Management tells Sr. Consultant: you’re getting a new person for sysadmin and webdevver.
Sr. Consultant tells Management: I need one for either.
Management tells Sr. Consultant: We’ll see how that fits the budget.
Management goes to restrooms and … well, you know.

That’s pretty much the way it goes, and the bigger the company, the worse it gets.

That's pretty much the way it goes, and the bigger the company, the worse it gets.

Acutally I would have to slightly disagree with this statement for 2 reasons:

  1. The bigger the company the more likely they will do the research into what they need as they are not going to waste resources on people not doing the jobs they were hired for and work not being done.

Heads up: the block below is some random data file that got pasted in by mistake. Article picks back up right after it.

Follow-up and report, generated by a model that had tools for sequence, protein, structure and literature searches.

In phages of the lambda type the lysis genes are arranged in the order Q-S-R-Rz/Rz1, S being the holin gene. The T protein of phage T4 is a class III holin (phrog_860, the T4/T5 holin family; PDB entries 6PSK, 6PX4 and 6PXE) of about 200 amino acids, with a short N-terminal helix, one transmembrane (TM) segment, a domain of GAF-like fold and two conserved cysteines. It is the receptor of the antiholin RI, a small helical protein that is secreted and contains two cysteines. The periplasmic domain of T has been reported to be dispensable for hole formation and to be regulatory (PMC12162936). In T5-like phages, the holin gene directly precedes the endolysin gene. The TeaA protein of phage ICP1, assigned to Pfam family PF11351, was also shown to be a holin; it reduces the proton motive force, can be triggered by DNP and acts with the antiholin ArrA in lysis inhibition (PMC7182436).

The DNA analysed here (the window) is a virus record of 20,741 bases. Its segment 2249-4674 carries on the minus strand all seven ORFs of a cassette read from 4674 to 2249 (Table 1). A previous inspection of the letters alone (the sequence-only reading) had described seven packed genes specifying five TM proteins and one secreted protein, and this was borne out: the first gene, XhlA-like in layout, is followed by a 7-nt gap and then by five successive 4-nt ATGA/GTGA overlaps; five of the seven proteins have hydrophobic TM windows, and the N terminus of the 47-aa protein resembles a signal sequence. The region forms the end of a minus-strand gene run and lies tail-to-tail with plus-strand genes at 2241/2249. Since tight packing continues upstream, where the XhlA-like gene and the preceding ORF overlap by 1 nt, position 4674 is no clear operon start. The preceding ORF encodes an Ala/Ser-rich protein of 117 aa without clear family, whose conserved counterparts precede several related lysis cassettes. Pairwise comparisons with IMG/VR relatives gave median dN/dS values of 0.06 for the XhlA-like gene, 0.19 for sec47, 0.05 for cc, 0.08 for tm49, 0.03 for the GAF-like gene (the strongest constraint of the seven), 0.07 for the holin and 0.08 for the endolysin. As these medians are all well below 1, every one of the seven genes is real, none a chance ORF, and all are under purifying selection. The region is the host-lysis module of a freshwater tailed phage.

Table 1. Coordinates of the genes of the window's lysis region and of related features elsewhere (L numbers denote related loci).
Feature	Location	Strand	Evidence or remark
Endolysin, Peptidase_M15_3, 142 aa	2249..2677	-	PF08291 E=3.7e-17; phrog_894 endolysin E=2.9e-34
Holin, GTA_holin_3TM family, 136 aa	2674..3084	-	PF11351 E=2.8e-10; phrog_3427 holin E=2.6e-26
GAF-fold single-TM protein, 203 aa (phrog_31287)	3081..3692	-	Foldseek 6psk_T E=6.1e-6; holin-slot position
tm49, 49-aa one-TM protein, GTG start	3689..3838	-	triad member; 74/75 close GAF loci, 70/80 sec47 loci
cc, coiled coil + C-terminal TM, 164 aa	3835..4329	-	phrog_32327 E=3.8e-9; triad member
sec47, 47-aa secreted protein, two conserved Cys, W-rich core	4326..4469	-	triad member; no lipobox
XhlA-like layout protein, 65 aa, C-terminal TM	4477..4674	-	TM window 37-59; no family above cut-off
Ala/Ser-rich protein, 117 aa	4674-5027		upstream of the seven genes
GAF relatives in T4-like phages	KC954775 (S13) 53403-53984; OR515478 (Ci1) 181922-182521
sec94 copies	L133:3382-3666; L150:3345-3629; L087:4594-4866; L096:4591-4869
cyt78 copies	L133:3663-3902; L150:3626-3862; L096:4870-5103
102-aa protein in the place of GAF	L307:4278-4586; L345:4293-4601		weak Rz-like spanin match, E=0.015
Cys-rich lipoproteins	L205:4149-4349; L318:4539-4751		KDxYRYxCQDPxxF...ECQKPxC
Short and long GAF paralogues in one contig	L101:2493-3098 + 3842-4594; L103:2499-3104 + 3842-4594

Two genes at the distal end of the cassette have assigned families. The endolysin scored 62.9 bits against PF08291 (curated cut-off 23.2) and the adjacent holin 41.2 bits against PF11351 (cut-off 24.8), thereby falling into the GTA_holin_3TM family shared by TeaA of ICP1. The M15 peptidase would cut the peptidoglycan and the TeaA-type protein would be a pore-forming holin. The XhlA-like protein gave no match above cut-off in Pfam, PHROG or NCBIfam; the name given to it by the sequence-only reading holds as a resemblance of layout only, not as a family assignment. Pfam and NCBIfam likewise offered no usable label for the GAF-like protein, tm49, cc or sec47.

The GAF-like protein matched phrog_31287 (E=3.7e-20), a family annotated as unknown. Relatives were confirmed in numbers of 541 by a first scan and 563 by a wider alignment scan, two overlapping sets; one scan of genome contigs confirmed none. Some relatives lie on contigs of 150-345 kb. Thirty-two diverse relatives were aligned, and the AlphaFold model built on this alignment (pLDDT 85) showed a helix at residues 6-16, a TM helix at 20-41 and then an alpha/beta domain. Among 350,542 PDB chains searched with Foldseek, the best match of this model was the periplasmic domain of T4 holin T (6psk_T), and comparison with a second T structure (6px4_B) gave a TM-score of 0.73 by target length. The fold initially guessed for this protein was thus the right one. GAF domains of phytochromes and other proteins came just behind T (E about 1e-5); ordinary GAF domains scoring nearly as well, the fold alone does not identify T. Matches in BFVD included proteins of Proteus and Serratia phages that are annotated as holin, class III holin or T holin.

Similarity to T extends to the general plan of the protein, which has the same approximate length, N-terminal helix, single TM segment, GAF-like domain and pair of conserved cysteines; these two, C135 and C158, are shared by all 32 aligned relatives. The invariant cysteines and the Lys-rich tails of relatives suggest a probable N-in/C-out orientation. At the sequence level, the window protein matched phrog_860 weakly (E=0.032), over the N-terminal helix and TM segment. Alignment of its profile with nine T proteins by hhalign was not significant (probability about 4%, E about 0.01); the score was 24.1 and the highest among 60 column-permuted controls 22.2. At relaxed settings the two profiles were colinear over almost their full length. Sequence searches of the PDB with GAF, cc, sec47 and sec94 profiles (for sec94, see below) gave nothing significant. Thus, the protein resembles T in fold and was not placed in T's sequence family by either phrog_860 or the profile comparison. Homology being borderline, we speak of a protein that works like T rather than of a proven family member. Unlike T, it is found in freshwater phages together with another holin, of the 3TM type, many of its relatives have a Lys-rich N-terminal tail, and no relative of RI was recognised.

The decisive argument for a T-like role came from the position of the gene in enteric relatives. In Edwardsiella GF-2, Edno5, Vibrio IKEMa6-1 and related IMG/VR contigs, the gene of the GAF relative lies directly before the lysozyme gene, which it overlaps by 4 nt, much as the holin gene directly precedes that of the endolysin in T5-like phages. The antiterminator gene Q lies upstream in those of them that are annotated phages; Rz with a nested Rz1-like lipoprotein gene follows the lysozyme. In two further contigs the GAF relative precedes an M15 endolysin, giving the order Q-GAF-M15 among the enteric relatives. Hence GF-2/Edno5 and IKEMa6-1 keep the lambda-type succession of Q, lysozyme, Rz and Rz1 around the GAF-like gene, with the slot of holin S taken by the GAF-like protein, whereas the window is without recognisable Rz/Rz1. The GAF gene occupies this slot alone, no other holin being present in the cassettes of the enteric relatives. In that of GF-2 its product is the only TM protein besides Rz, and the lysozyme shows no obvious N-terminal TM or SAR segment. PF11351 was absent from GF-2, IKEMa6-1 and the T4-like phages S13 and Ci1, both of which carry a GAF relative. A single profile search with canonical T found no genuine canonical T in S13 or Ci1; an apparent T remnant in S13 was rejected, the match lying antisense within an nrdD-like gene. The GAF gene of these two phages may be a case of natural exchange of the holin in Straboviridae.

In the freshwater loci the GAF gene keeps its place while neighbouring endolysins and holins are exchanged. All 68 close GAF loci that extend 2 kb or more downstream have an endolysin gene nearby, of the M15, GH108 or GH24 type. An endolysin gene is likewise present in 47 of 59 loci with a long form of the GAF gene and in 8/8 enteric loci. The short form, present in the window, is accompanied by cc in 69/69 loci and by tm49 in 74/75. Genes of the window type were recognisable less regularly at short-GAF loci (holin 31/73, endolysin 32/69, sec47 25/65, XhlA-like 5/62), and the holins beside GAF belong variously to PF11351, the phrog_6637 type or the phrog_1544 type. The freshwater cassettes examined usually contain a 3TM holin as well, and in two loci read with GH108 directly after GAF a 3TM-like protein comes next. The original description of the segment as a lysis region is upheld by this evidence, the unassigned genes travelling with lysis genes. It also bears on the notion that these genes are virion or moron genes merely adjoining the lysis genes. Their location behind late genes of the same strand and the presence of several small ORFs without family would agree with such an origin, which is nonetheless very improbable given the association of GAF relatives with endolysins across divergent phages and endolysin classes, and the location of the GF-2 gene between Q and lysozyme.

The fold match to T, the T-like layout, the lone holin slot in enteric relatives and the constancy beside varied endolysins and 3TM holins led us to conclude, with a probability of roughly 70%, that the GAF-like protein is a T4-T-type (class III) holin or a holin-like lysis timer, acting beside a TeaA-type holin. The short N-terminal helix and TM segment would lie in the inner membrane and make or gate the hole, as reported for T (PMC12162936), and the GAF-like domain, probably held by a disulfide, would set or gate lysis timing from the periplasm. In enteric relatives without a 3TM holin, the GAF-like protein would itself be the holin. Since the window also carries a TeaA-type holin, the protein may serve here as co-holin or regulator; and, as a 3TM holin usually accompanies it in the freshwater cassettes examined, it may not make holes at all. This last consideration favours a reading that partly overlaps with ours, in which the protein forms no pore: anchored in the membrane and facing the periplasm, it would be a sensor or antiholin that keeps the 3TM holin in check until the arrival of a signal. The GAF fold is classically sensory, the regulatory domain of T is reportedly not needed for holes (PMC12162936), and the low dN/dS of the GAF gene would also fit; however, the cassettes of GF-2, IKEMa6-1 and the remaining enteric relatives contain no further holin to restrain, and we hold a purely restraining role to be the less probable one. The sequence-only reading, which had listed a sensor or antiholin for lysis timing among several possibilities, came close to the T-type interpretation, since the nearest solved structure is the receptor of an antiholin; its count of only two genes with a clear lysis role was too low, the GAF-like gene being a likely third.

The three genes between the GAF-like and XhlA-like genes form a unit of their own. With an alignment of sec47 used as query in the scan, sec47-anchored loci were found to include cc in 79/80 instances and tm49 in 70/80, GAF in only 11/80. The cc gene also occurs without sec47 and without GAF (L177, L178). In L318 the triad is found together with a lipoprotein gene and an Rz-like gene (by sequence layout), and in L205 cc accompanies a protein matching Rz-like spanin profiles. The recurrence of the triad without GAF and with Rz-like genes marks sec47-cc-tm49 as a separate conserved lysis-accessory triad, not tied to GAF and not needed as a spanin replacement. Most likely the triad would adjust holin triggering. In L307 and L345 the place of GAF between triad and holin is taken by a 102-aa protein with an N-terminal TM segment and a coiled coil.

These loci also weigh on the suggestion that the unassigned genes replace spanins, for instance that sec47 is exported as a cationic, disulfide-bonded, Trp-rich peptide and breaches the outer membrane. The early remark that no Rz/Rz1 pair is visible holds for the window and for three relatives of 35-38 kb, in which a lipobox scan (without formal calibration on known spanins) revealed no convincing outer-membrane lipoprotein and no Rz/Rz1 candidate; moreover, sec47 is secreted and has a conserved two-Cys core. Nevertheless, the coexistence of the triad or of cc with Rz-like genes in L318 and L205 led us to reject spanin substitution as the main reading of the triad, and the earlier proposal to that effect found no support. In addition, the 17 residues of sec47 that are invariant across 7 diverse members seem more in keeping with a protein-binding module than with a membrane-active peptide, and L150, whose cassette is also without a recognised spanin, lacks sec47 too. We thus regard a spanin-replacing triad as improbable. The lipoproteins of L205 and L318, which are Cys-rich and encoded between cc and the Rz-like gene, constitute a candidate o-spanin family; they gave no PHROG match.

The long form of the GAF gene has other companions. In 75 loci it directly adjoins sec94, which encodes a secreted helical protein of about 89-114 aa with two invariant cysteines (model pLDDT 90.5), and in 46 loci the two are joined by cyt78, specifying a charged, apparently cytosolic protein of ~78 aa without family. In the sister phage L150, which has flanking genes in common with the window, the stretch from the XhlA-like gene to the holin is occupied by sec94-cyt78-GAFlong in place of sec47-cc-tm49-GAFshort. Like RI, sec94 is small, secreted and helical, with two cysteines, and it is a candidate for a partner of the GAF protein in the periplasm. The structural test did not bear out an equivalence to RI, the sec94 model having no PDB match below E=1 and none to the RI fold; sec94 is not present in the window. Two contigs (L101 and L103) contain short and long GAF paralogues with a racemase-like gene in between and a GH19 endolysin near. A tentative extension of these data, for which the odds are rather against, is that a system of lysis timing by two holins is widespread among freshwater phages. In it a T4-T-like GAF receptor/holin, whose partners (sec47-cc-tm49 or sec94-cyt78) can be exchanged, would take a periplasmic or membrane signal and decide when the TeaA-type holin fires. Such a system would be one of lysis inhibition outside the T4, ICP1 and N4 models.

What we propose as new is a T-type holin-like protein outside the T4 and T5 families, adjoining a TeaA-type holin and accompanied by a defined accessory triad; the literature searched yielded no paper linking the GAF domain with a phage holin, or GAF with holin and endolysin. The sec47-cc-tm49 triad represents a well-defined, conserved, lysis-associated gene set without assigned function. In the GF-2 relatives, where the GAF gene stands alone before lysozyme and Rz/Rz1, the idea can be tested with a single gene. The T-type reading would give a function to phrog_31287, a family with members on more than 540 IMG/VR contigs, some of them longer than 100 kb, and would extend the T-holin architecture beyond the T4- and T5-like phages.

2. Smaller companies don’t have the have the money to spend on 2 salaries so they are a lot more likely to try and combine jobs and try to make one person know or do the jobs of 3 people.

I used to work for a very large newspaper in the IT department, doing Sys Admin work. They had a very set criteria of things I was to be doing and not doing. By large I mean 26 different properties in 4 different states. This didn’t include the print shops, or the TV/Radio stations. They were good at not trying to get me to jobs I was not supposed to.

Then I quite, wanted to get back to programming. And started working for a small print shop doing web sites. I was running the web department, helping with prepress work, and developing software for a company they had paired with.